Without a healthy crop of diatoms to support the zooplankton’s winter feeding frenzy, the lake’s productivity for the rest of the year would suffer. Because small fish in the lakes eat zooplankton, a plunge in the diatom numbers would cause fish populations to crash. “It’s the jump start of the spring food web,” Bramburger said. The solar energy snagged by diatoms provides the calories that become the flesh of ever larger creatures in a daisy chain of embodied light. “If you’re catching big bass in the summer,” Bramburger said, “it’s because these guys were doing their thing in the winter.”

One of the group’s most counterintuitive discoveries was that diatoms were more efficient beneath snow-covered ice than beneath ice that had been cleared of snow. Diatoms need just the right balance of depth and sunlight. If they sink too deep, they don’t get enough light. If they’re higher up in the water column, they can get burned. Snow may be protecting them from excessive sunlight. Under cleared ice, solar radiation may damage the diatoms’ photosynthetic pigments. One explanation: “Their photo systems, their pigments, were basically getting nuked and bleached,” Bramburger said.

It was a worrisome find. “This is something that’s going to affect the Great Lakes as we lose our snow and ice cover and as our winters get warmer but also drier and windier,” Bramburger said. “Drier and windier means we’re going to start losing snow on the ice, and as it gets warmer, we’re just going to start losing ice. In the Great Lakes we see large algal blooms of a species called Aulacoseira. It’s a big diatom, and it likes to be on the bottom of thick, snow-covered ice. If we start losing that, we’ll probably lose one of the really important components of the food web.

“The thing I’m always struck by is that we don’t understand winter, but we’re losing it. It’s a race to figure out what happens in winter before there’s no winter to figure out.”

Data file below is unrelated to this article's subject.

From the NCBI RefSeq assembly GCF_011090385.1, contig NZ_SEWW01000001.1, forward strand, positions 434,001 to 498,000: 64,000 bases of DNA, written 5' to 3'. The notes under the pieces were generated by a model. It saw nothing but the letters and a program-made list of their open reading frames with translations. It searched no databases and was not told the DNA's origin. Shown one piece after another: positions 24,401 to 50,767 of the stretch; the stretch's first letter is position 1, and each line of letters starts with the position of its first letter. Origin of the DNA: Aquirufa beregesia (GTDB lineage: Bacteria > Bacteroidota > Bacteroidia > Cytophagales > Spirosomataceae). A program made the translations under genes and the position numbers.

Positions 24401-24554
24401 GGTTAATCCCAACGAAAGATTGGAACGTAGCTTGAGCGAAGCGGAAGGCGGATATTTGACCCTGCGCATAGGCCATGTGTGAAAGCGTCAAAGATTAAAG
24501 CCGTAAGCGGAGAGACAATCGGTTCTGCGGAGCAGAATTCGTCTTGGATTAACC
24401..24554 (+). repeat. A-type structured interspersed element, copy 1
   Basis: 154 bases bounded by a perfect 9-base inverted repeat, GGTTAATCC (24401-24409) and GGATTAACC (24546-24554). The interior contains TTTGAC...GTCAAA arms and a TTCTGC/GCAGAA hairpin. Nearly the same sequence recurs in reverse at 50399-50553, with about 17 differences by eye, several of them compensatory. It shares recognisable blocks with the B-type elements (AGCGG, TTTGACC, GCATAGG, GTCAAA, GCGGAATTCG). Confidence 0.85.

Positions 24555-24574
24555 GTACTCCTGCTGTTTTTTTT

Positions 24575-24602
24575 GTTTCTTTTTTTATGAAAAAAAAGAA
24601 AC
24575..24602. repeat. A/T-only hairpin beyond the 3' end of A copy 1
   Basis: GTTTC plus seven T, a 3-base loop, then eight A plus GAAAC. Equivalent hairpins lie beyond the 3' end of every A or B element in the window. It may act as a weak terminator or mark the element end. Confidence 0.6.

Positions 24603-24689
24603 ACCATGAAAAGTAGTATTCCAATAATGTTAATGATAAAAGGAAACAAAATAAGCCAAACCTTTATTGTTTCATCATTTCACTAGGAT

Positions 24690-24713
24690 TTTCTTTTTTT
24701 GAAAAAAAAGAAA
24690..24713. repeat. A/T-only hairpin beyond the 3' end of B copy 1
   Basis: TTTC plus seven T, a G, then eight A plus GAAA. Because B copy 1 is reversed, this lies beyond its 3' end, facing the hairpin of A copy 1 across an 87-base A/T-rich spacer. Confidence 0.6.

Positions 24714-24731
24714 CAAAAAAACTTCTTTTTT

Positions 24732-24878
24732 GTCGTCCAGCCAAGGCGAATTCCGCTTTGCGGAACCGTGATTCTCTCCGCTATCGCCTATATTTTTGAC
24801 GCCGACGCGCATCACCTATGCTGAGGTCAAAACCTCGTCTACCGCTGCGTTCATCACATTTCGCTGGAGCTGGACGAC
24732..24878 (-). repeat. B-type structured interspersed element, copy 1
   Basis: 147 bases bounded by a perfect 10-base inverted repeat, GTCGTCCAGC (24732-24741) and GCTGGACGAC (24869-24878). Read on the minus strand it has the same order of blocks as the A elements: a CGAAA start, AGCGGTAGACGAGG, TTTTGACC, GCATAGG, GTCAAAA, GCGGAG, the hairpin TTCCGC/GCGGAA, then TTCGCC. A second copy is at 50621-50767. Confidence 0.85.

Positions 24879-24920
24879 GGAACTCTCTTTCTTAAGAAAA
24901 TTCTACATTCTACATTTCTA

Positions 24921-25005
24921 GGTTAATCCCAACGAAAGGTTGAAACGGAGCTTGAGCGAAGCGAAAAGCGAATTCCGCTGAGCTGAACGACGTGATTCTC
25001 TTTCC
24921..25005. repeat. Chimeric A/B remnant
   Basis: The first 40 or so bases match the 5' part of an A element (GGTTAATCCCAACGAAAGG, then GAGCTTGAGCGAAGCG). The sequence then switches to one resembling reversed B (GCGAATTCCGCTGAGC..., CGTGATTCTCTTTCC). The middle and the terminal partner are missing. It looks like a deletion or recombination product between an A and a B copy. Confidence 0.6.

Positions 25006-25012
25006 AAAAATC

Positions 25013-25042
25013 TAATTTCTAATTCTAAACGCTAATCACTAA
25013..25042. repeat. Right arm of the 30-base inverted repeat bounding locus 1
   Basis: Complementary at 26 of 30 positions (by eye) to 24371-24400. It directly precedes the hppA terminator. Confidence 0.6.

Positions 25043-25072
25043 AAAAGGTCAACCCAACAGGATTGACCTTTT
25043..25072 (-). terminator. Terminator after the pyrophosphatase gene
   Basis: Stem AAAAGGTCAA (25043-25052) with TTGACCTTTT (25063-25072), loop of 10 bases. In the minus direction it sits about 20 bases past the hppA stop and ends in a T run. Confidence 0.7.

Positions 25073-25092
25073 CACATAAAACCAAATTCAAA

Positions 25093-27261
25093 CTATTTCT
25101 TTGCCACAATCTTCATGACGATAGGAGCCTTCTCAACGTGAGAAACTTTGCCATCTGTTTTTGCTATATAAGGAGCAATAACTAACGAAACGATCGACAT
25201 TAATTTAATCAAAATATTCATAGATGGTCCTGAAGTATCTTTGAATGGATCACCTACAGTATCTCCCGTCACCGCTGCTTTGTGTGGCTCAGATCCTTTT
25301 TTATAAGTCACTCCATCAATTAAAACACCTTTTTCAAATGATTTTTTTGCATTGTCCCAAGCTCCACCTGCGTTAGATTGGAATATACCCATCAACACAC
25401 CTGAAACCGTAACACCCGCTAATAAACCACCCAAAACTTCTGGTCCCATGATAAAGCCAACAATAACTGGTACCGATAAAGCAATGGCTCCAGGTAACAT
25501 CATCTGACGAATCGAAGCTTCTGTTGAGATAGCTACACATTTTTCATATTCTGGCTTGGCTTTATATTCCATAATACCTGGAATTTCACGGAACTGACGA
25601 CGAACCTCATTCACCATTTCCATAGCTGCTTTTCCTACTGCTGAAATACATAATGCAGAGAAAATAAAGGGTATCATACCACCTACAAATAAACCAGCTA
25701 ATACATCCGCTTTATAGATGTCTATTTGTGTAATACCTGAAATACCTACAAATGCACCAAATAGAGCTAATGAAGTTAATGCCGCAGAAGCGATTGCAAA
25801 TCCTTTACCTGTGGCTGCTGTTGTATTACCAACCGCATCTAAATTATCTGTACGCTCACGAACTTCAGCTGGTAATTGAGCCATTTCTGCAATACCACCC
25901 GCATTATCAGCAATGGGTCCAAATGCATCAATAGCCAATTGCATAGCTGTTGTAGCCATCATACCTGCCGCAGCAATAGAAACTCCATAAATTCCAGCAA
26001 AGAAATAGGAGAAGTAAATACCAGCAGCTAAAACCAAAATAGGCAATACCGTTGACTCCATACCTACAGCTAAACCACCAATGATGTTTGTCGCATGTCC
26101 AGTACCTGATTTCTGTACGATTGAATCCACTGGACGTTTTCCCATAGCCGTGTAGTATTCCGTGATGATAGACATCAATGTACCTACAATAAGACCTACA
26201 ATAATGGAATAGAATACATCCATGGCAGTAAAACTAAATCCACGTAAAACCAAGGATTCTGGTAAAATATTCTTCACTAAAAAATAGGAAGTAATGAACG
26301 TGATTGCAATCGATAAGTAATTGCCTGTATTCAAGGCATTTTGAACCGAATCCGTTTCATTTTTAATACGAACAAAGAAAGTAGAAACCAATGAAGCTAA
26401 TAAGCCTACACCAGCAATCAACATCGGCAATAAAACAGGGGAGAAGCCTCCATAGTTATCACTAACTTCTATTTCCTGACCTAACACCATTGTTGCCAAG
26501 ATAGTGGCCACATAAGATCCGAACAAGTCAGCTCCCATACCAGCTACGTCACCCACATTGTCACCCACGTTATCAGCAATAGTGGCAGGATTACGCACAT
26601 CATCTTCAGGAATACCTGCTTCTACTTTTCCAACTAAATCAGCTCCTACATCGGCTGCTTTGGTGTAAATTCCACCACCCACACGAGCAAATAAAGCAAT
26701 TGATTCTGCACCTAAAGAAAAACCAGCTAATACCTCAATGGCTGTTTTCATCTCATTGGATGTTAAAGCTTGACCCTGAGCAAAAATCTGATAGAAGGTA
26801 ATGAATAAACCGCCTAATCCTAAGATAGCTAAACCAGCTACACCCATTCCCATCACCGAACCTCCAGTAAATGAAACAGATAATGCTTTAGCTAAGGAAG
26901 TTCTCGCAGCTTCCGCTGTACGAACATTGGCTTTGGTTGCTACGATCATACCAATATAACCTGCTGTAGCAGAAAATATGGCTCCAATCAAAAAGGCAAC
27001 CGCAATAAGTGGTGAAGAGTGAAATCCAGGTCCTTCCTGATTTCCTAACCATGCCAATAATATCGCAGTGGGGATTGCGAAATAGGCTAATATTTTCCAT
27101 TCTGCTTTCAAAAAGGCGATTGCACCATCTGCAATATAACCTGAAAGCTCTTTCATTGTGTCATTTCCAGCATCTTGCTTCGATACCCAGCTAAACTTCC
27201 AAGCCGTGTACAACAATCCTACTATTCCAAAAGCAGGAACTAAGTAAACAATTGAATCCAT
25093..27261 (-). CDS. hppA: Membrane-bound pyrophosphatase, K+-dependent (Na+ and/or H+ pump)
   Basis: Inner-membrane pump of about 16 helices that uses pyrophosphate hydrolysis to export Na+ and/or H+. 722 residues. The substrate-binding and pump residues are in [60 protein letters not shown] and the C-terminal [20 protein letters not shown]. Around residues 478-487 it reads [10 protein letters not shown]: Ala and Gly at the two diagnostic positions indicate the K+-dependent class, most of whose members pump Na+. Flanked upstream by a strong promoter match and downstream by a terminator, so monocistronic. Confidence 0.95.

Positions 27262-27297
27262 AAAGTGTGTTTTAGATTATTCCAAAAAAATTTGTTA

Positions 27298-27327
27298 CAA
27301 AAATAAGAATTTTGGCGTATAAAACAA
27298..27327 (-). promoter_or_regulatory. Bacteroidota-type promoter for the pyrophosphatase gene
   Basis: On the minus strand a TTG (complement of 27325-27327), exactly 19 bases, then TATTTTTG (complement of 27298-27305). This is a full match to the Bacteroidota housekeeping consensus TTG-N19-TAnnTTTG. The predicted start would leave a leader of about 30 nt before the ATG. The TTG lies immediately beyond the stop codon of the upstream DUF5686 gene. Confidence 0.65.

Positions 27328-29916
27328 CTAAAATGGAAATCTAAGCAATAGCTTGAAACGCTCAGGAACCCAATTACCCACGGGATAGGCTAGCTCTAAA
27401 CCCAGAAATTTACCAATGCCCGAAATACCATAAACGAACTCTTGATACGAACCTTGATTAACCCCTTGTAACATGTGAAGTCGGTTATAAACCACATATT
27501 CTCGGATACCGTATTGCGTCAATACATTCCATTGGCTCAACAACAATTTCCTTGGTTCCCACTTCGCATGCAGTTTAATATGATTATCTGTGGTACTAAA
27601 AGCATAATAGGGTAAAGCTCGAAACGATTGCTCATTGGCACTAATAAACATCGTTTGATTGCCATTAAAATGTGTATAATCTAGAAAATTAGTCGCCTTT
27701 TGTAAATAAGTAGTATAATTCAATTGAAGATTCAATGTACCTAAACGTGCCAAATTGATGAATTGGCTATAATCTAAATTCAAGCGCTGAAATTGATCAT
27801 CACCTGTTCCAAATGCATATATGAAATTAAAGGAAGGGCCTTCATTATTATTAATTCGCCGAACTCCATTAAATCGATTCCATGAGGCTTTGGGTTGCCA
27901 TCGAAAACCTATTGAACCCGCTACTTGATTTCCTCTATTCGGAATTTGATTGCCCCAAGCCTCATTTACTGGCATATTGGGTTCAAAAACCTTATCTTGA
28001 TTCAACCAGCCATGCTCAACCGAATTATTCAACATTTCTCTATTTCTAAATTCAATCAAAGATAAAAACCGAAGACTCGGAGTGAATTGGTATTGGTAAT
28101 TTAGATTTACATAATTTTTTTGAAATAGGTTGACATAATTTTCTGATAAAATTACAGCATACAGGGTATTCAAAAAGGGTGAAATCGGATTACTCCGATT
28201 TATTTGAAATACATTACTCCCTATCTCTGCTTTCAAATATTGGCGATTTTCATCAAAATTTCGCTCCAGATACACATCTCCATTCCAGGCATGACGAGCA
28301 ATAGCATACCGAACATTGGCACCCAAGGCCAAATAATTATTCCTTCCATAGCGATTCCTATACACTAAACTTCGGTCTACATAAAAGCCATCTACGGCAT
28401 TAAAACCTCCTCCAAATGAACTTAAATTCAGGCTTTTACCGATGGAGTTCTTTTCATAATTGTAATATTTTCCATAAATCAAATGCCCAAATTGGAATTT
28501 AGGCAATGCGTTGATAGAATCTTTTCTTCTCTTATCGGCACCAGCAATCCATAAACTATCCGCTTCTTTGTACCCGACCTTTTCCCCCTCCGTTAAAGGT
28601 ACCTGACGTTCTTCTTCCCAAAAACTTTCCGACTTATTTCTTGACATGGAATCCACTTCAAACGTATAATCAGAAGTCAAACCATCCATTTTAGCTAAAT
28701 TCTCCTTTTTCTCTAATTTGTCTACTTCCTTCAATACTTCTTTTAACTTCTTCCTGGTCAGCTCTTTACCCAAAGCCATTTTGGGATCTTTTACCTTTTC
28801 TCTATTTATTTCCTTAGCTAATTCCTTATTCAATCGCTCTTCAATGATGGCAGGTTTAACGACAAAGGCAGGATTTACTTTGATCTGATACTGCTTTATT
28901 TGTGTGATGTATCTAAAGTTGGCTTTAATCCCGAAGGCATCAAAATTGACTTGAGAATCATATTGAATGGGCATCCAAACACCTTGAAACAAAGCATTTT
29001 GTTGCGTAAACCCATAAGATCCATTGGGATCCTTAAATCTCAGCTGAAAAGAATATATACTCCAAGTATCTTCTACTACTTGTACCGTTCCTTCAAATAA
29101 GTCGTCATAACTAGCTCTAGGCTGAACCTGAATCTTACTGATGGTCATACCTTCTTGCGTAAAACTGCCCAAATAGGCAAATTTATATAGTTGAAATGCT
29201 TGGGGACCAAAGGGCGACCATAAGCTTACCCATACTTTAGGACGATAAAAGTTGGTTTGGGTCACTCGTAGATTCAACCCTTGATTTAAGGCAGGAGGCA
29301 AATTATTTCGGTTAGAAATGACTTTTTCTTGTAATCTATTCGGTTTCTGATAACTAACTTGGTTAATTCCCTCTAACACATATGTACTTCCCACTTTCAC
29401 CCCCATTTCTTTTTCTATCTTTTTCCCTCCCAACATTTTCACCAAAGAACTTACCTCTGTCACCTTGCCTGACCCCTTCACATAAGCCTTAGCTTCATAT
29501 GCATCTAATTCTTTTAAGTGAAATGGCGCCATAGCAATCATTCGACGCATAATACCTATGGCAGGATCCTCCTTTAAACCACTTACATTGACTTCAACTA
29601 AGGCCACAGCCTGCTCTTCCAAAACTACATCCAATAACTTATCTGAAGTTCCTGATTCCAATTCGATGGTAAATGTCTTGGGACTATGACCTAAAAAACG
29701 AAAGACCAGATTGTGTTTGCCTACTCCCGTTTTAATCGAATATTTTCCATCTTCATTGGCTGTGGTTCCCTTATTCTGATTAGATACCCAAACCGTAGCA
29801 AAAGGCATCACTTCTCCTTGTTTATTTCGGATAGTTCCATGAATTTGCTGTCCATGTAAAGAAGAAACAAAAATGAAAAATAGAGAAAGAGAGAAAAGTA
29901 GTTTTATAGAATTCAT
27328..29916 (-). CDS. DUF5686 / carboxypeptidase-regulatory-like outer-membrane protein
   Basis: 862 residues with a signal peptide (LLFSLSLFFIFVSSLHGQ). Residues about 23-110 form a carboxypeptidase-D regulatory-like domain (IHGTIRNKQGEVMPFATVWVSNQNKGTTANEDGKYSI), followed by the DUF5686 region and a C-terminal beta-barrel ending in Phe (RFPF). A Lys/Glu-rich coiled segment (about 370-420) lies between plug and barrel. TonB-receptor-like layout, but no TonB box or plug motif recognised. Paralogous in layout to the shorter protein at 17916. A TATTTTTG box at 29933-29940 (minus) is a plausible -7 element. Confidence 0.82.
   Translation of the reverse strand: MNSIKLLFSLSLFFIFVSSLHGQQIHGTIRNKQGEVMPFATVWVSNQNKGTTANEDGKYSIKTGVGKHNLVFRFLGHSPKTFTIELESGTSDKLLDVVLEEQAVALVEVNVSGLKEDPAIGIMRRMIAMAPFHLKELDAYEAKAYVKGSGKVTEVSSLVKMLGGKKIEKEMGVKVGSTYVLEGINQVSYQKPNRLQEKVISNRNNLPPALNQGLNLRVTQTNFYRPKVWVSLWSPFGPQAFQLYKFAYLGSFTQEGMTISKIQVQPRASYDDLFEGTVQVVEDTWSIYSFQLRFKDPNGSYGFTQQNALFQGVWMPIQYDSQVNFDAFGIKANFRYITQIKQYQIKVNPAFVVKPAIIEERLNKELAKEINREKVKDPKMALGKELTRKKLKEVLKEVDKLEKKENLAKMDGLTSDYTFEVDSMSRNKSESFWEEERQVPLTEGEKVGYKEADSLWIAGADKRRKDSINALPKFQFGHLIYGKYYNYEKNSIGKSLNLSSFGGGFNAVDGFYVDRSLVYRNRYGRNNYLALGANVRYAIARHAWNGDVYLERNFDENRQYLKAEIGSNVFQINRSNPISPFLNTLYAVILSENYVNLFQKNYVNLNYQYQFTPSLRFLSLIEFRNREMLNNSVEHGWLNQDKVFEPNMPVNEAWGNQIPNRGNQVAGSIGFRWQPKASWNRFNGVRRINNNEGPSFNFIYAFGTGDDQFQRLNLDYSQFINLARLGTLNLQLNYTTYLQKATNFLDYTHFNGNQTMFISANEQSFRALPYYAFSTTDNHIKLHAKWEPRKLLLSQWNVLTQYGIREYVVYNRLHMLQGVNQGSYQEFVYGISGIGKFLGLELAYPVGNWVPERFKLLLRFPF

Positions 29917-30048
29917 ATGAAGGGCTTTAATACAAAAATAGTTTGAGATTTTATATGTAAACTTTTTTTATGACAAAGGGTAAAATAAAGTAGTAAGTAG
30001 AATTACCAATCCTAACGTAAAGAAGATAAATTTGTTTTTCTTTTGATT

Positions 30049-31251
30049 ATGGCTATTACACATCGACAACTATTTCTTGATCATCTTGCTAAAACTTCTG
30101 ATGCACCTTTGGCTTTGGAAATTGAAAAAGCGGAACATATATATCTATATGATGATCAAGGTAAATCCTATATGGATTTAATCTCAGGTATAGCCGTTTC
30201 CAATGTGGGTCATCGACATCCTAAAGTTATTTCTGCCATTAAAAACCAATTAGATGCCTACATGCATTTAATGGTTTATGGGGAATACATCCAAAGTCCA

Heavy rain was forecast for the morning of our swim, which had given me hope that I might yet avoid the ordeal. No such luck. At 5:30 a.m. on the appointed day, 13 of us huddled around a bonfire on a dark, fogbound, rocky beach not far from downtown Duluth, drinking coffee. This group plunge would mark 47 consecutive months of, well, jumping into a lake. Michael Scharenbroich, one of Bramburger’s friends, took the water’s temperature: “Fifty-one degrees,” he yelled. Go time. Without water shoes, I lagged behind the collective charge, and hobbled over stones dropped by glaciers millennia ago. Then the need to relieve the pain in my feet overcame a visceral reluctance to dive in. All around me heads vanished and quickly reappeared above the surface, like a pod of startled otters, wide-eyed with shock and glee.

One jump, it turned out, wasn’t enough. We warmed up and went in again. And a third time. As the bonfire dwindled and the sky lightened to a silvery gray, people started to leave, but Bramburger lingered. In a few days he would be moving to Canada to start a new job, and it was clear he would miss mornings like this. “I’ve lived around many places in the Great Lakes, but Lake Superior seems to have a bit of magic for people,” he’d told me. “The sense of identity and attachment to the lake that Duluth has—I’ve never seen on another town on the lakes.”